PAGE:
Dulin, John
Assistant Professor - Anthropology
Last Updated: 10/24/18 -

John Dulin is a sociocultural anthropologist who recieved his PhD from University of California, San Diego. He carried out research in Gondar, Ethiopia, studying interreligious relations between Muslims, Ethiopian Orthodox Christians and Pentecostals. He is interested in how religious, nationalistic and geopolitical imaginaries shape processes of interreligious conflict and coexistence. In addition, as a postdoctoral fellow at Stanford University between 2016 and 2018, he worked on the Mind and Spirit Project, during which he conducted research on the cultural patterning of spiritual experience in Ghana. Finally, he has published on ritual and millenarianism among philosemetic Evangelical Christians in Southern California.  His specialty is the Anthropology of Religion, with a broad focus on a variety of religious traditions and questions dealing with pluralism and conflict, intense experience of the divine, nationalism, violence, value and the imagination, and religious otherness.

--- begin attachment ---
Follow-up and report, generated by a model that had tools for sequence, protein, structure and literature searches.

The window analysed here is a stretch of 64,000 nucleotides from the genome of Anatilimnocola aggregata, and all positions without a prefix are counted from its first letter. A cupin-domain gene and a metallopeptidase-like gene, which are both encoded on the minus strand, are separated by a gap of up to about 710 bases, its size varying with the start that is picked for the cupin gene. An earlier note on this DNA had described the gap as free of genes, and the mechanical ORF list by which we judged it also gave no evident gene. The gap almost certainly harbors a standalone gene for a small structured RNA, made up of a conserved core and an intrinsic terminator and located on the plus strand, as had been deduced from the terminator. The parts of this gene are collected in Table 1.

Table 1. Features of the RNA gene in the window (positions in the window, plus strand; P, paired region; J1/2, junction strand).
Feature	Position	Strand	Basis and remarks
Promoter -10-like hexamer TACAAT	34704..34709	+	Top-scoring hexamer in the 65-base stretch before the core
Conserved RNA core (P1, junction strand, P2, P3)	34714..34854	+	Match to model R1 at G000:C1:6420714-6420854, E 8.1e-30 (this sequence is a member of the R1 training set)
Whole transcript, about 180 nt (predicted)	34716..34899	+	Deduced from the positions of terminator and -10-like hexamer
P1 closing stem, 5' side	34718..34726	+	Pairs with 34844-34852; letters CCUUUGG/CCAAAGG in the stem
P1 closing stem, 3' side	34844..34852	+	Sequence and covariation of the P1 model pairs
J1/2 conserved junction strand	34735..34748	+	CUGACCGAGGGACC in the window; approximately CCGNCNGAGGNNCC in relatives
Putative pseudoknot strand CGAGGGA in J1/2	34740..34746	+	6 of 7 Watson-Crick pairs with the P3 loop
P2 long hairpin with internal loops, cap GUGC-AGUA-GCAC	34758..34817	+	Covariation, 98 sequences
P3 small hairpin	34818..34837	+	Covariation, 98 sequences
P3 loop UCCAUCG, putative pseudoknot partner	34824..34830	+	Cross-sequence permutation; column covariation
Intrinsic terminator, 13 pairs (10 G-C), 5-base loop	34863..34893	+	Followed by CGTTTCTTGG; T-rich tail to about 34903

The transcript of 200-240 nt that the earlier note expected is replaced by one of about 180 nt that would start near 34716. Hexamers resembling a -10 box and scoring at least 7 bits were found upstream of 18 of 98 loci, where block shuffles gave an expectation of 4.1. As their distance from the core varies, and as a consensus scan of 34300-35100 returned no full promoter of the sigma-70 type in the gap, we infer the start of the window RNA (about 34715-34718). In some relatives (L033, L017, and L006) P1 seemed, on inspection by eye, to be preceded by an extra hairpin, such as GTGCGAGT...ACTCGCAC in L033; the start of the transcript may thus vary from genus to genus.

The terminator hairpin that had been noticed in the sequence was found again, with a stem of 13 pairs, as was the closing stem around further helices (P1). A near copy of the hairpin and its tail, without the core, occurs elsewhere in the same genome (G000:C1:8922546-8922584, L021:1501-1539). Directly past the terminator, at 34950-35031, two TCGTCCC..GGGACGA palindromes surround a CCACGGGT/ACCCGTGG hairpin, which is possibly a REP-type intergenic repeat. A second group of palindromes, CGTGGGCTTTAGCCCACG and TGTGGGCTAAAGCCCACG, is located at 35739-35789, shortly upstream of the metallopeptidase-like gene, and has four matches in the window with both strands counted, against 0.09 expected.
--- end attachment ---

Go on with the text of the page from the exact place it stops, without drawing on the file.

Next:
2017 Transvaluing ISIS in Orthodox Christian Majority Ethiopia: On the Inhibition of Group Violence. Current Anthropology. 58(6): 000-000

2015 Reversing Rupture: Evangelicals' Practice of Jewish Rituals and Processes of Protestant Inclusion. Anthropological Quarterly. 88(3): 601-634.

2013 Messianic Judaism as a mode of Christian Authenticity: Exploring the Grammar of Authenticity through Ethnography of Contested Identity. Anthropos 108: 35-51.

2011 How Emotion Shapes Religious Cultures: A Synthesis of Cognitive Theories 2 of Religion and Emotion Theory. Culture and Psychology. 17(2): 223-240.


2014 Fulbright-Hays Dissertation Research Grant ($11,000)

2014 F.G. Bailey Research Fellowship ($4,000)

2012 National Science Foundation Dissertation Improvement Grant ($25,200)

2010 Haydu Prize- contest for best essay on human values ($3000)

2008 M. E. Spiro Research Fellowship ($140,000)